11/25/2008, 00.00
INDIA
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Sisters of Mother Teresa collect aid for children of Orissa

by Nirmala Carvalho
There is a health emergency in the refugee camps: measles and chickenpox are rampant among the youngest children. The nuns have begun a fund-raising campaign in institutes all over the country. Hindu fundamentalists confirm that they will oppose the observance of Christmas, and threaten new violence.

Bhubaneshwar (AsiaNews) - The situation in the district of Kandhamal, in Orissa, is still critical, and Christians are facing the threat of new attacks. The sisters of Mother Teresa are seeking to collect aid for the children in the refugee camps.

Three months after the beginning of the violence against Christians, there appears to be no change. In the village of Tiangia, six people have been assassinated - including Fr. Bernard Digal - but the security forces have not carried out any arrests, and the crimes are going unpunished. The inhabitants remain in the refugee camps set up by the government, and are asking how it will be possible for them to go back home if "a climate of fear and insecurity" remains.

Last week, Sharad Pawar, the federal agriculture minister, on an official visit with two other ministers, asked the government of the state of Orissa to form "peace committees," and expressed the hope that village leaders and local administrators will participate.

The groups most active in bringing aid to the Christians include the Missionaries of Charity, the religious order founded by Blessed Teresa of Calcutta. "We must be instruments of peace," says Sister Suma, regional superior of the Missionaries of Charity, "in a land in which hatred and tensions still reign." The sister is distributing food and basic necessities to the refugees, collected by Sister Nirmala, the superior general of the MC, with special attention to children. "All of the convents in India wanted to give something for the children in the refugee camps in Kandhamal."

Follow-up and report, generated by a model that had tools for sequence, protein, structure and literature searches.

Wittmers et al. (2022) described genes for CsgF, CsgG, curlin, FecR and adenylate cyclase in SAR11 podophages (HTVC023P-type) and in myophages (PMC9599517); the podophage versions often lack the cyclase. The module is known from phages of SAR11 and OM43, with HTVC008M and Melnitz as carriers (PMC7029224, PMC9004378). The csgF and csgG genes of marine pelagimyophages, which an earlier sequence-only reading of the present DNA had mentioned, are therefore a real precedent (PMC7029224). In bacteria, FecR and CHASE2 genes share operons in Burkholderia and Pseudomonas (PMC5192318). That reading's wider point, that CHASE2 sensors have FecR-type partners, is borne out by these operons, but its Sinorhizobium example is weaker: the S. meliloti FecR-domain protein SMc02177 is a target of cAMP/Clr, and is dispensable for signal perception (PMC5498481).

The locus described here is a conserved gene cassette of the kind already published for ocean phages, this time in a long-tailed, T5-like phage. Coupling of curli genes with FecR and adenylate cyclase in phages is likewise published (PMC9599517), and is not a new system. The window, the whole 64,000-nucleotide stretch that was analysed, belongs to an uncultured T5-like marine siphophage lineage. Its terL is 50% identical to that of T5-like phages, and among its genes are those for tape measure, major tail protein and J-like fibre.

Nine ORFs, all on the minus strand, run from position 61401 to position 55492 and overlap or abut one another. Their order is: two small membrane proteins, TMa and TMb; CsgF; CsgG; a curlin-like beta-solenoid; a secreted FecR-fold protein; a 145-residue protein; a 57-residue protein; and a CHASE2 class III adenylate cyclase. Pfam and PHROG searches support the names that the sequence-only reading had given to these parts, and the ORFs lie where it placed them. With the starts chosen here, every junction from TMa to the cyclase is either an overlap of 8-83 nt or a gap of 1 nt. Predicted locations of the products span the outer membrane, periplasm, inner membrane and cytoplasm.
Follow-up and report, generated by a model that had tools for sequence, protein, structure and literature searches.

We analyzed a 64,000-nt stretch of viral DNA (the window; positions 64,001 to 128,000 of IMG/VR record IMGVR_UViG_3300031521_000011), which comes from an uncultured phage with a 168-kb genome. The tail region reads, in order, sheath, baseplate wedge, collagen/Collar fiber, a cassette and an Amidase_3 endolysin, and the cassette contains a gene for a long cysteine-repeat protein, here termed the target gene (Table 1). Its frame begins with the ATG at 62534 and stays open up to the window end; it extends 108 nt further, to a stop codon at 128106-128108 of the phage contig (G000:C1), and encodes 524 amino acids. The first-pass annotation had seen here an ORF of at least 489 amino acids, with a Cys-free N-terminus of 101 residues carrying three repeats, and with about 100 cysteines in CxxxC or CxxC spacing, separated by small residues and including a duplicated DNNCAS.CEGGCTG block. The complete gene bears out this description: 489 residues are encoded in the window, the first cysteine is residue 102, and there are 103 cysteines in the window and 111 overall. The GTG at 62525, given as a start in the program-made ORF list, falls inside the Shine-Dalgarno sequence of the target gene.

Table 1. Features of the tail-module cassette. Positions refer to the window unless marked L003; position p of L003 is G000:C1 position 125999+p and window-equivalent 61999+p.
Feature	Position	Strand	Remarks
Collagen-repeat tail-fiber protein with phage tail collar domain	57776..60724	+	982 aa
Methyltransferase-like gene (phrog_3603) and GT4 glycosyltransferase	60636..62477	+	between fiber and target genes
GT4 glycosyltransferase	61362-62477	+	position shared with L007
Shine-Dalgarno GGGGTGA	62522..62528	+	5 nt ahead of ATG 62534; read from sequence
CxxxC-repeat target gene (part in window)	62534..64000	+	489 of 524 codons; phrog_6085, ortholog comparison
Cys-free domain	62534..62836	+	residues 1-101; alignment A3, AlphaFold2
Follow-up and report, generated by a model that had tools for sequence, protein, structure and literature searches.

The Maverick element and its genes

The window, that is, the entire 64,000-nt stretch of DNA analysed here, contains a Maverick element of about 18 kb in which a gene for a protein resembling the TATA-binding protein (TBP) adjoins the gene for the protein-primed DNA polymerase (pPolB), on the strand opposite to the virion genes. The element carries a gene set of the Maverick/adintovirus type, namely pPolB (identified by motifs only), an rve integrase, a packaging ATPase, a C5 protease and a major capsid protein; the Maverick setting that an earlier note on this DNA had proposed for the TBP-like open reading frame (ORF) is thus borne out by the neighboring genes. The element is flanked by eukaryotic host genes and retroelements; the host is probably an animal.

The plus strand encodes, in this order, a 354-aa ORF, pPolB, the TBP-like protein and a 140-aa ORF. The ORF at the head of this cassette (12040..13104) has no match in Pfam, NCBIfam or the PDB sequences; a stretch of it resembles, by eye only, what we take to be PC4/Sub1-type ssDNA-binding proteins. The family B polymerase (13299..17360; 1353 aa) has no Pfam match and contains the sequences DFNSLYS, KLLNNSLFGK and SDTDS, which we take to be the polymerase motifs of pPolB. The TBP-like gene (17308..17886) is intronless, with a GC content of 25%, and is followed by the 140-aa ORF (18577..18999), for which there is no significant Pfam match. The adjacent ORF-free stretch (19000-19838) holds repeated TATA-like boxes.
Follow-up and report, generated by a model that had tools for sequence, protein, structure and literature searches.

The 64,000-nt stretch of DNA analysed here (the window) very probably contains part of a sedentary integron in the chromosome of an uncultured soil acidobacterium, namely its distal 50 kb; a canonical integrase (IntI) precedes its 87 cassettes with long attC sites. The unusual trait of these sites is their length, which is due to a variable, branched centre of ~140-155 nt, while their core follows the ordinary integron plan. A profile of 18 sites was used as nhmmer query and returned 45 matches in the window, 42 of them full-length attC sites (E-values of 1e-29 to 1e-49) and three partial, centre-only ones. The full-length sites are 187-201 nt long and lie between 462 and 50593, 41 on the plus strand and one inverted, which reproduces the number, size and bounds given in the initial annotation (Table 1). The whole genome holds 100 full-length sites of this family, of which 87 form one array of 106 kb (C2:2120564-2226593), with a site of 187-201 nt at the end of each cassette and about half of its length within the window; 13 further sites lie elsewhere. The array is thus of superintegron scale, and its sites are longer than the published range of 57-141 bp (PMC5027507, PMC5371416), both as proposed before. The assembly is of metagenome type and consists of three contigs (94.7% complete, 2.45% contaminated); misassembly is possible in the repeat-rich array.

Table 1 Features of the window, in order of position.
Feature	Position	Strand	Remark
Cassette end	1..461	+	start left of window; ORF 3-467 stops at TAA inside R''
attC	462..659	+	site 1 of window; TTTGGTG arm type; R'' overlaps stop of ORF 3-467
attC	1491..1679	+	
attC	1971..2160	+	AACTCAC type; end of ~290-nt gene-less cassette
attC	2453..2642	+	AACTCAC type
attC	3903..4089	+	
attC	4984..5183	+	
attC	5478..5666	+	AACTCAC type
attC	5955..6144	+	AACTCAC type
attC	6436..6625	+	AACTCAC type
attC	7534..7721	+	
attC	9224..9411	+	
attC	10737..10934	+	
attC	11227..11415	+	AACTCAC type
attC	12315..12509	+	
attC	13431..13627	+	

The sister denounces the health emergency in the refugee camps: "Measles and chickenpox are spreading rapidly. The administration of the camp has provided for quarantine areas where sick people can be kept, but this has not been enough to contain the spread of disease."

The arrival of winter could aggravate a situation that is already precarious, and the fear of new violence is prompting Christians to remain in the camps. "The people are terrorized," Sister Suma denounces, "and they have no reason to go back to their homes, because there's nothing left for them there."

The Hindu fundamentalists of Vishwa Hindu Parishad (VHP) are continuing their campaign of hatred against Christians, and confirm their intention to block the observance of Christmas. The government of the state, the fundamentalists warn, has until December 15 to find the assassins of Swami Laxmanananda Saraswati. At the end of the deadline, they will resume their violence, and Christians will not be permitted to celebrate the holiday.

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